3D printing for research, teaching and medicine

3D printing in medicine and science
3D printing in medicine and science

3D printing is not only an alternative to established production methods but also allows the creation of completely new product classes. One of these novel applications is in the field of medicine and science. In medicine, 3D models can make anatomy and pathology literally tangible. In science, the applications are very diverse. On one hand, custom-made objects for experimental setups can be produced using 3D printing. On the other hand, microscopic or even submicroscopic structures can be greatly enlarged and represented as physical models. Typical applications include anatomical models for surgical preparation, models for education, and models for laboratory and experimental needs.

This article provides an overview of the most important application areas in education, science, and medicine.

Anatomical models for surgical preparation

Through 3D printing, anatomical models can be represented in a patient-specific manner. In some cases, complex situations arise where an individual physical model provides a better representation of the condition than a purely digital model.
By simulating the realistic situation, the surgical steps of the procedure can be more accurately planned, reducing the duration of the operation and the patient’s burden. Therefore, the production of anatomical 3D models is a suitable method to give trainees and experienced physicians an overview of complex and extraordinary situations. Typical situations where anatomical models are applied include congenital heart defects in newborns with unclear or complex anomalies, severe fractures, or complex tumor removals.

3D-printed model of a heart chamber based on CT data
Heart model printed in the Polyjet process with the rubber-like material Tango.

For an accurate reproduction of the target structures, a CT or MRI scan can serve as a basis, which is usually available in the DICOM format. DICOM is an open standard for a collection of medical images and the transfer of image-related data.

You can get an impression of DICOM data, for example, on the Dicom Library platform, where DICOM datasets are published for scientific purposes. To design a 3D printed model from the scan, the file needs to be exported into a suitable 3D format. 3D data in the STL format is created based on the different grayscale values using an algorithm. Manual adjustments are then made to complete the model, such as removing artifacts and refining important details. Once the data is completed, the model is ready for printing.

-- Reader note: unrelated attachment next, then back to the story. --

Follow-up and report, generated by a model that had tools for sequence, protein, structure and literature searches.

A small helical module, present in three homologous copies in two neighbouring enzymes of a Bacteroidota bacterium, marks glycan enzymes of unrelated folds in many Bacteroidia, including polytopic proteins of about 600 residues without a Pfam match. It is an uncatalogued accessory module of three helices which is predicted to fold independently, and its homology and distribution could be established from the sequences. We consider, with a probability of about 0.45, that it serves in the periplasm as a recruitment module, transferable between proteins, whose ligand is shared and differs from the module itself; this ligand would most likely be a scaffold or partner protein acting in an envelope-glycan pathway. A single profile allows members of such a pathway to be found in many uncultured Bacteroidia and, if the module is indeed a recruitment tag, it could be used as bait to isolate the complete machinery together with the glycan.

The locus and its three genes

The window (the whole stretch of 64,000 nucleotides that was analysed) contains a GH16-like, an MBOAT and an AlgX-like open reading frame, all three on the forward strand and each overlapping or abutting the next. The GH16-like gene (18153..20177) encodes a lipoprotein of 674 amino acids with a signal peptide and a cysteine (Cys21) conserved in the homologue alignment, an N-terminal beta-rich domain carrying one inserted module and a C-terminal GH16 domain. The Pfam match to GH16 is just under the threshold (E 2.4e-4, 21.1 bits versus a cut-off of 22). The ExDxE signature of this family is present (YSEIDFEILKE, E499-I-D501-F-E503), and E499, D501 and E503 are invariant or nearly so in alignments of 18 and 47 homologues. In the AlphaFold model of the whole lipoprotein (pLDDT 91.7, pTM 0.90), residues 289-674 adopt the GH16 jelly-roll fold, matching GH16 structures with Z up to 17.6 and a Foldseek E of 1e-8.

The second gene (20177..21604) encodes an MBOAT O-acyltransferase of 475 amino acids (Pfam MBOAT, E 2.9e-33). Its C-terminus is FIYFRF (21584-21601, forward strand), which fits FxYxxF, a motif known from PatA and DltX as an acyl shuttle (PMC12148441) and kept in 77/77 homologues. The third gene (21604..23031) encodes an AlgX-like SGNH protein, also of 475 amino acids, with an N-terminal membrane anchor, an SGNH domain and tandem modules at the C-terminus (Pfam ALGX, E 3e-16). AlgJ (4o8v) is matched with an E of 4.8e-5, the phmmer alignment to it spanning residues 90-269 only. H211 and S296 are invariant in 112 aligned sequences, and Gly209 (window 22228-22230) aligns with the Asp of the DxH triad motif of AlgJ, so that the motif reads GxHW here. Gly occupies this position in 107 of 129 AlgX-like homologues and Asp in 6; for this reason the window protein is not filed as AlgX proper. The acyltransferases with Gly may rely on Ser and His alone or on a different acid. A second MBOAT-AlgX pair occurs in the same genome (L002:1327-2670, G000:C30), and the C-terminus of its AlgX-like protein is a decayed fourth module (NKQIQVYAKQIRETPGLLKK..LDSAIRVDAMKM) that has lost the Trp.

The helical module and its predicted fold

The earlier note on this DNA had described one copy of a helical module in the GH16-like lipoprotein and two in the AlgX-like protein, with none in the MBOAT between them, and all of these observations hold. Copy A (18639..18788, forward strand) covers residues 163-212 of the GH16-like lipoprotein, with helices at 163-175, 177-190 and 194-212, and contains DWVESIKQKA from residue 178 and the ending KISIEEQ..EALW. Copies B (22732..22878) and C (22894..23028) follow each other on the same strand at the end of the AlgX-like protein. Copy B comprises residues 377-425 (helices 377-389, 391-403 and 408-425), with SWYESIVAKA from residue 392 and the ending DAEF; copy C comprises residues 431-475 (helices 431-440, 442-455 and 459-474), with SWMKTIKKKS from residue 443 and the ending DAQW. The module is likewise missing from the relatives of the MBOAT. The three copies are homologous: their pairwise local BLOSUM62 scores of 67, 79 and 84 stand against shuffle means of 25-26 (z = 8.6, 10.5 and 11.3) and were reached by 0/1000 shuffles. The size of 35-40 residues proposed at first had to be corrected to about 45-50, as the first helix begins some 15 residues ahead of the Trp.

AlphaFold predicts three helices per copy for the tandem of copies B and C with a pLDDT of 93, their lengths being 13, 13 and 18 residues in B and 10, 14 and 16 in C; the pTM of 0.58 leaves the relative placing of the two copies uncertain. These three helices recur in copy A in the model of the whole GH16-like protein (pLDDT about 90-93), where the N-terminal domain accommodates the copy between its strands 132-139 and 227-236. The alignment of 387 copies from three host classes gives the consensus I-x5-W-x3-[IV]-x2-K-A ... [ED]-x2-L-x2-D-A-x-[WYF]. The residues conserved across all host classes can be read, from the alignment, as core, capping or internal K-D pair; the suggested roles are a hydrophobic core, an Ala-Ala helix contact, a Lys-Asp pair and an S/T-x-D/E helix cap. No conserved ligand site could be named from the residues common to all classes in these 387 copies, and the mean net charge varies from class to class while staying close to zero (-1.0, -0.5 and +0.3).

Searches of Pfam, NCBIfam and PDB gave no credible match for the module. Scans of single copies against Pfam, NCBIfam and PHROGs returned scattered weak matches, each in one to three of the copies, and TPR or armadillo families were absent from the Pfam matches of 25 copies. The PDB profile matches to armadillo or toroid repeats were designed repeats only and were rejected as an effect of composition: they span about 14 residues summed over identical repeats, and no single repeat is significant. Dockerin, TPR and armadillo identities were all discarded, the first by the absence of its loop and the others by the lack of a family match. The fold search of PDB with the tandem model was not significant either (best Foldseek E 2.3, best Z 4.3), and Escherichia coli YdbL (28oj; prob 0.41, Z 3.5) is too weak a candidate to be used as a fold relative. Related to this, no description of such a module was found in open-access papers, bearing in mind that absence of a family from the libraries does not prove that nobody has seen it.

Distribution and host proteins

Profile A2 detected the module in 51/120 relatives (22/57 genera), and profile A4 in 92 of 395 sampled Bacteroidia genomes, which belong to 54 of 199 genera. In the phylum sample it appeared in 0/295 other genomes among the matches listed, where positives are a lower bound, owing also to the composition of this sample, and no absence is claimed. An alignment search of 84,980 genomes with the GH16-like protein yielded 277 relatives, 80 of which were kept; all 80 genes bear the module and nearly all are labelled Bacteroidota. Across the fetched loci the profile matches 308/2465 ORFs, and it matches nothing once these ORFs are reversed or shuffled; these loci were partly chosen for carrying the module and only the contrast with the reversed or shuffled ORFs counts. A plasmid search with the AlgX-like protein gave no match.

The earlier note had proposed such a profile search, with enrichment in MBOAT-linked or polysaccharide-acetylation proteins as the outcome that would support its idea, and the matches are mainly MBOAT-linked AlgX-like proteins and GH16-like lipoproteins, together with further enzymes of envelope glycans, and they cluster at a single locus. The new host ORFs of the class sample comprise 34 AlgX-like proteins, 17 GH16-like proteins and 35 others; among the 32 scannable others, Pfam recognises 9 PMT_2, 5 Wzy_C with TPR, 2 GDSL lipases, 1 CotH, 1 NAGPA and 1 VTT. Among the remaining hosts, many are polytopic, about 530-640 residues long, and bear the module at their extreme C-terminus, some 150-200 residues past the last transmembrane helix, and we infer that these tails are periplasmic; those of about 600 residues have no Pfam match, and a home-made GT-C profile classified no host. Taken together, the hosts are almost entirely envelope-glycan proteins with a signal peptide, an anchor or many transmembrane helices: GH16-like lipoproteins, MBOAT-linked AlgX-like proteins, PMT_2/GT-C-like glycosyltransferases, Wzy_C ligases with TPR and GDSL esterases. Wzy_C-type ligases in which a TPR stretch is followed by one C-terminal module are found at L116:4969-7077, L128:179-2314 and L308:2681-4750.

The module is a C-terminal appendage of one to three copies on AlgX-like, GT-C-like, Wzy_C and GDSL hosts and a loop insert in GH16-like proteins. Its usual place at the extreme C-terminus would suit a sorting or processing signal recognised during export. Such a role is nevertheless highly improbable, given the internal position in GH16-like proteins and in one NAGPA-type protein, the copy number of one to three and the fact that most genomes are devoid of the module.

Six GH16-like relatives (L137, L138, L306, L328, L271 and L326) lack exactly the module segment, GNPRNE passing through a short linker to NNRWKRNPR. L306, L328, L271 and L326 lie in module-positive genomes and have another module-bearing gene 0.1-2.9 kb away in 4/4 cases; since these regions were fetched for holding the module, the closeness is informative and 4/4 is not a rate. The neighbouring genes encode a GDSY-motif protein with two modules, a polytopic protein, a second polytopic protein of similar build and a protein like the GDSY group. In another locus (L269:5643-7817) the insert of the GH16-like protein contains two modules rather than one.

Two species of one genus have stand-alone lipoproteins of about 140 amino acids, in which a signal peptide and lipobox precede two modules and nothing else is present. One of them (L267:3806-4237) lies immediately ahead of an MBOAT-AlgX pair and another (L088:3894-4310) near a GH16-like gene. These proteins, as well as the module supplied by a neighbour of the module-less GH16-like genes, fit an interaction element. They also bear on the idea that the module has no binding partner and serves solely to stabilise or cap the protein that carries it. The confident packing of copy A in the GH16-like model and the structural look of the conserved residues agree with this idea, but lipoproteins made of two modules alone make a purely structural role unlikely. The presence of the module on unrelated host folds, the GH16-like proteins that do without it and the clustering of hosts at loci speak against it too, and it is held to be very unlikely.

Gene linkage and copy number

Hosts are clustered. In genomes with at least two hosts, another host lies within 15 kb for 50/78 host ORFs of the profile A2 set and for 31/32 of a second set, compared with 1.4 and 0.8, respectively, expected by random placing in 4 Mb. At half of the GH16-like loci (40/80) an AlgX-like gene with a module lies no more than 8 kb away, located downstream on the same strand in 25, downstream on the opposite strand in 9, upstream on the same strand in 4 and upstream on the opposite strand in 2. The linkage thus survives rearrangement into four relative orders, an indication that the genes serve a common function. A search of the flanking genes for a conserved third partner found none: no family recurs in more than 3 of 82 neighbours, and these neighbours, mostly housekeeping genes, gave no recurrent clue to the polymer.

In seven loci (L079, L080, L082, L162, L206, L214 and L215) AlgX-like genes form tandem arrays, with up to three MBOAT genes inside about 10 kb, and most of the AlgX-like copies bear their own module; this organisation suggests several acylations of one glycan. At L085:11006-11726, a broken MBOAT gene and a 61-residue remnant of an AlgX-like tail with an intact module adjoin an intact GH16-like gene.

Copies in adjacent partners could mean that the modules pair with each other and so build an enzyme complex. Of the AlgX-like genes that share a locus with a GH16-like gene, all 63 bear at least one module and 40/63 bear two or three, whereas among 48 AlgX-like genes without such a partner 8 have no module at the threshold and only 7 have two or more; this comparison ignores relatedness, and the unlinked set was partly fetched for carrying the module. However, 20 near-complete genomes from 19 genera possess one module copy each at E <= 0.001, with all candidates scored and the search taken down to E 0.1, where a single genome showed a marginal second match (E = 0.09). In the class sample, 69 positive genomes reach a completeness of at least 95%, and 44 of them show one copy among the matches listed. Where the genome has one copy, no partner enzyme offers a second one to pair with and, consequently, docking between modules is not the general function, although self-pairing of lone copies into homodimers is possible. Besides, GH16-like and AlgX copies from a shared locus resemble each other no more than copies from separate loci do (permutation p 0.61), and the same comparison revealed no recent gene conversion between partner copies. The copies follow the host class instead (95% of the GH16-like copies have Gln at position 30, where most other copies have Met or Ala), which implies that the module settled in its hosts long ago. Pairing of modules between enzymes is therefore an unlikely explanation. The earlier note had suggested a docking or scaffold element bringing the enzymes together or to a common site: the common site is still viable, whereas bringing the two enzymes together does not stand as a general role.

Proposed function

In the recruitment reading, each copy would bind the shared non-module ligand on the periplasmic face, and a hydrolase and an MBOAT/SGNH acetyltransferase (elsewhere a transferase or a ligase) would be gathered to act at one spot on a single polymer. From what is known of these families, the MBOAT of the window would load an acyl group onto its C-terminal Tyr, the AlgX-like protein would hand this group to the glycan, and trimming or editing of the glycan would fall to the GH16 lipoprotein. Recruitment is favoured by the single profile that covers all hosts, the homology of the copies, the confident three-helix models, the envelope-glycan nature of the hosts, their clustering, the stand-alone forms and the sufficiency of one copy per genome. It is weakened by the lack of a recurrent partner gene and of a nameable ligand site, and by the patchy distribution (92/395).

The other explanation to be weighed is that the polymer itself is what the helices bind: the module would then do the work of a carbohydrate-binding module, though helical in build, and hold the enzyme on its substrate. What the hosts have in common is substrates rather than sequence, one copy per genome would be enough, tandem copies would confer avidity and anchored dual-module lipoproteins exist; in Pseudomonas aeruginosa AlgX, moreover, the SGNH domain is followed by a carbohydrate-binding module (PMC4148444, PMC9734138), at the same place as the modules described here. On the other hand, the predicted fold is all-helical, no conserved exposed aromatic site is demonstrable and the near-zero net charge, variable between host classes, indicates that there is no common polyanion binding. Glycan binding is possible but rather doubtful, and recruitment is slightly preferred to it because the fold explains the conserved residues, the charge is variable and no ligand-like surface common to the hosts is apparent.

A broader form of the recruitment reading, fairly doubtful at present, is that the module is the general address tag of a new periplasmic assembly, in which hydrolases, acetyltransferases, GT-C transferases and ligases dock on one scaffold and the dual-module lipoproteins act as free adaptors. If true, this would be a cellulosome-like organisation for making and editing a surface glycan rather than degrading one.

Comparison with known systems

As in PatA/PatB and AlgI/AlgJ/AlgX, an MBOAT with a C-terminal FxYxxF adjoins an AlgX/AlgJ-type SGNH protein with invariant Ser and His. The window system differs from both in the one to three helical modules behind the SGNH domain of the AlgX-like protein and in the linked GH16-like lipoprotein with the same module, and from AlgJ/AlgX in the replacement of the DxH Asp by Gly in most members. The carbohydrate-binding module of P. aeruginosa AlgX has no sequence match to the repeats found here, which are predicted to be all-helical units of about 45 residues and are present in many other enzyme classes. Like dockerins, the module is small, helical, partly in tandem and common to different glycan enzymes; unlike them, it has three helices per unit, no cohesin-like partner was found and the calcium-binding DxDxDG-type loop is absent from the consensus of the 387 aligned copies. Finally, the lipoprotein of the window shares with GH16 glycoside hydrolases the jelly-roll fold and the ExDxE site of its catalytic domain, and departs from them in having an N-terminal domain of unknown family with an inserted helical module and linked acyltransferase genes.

Three additive technologies are particularly used for printing anatomical models:

  • Polyjet: Allows for a two-component print with transparent & opaque or solid & flexible materials. The former is used especially to visualize delicate structures in spatial context, while soft materials are used to mimic the tactile properties of tissues.
  • Lasersintering / HP Multi Jet Fusion: These processes use polyamide and work without support structures. The material is very stable and is often used when, for example, bone structures need to be drilled for testing, complex structures need to be depicted, or stability is a crucial factor. Since 2019, the MJF process also allows for color printing.
  • Colorjet: This plaster-like material is suitable for simulating the tactile properties of bones and representing full-color structures (e.g., to distinguish different areas). However, the material is fragile, so the models should not be subjected to large forces.

Models for education

Models for education are usually very specific. Commercially available models are often highly simplified and limited in selection, so specific models need to be created through elaborate work.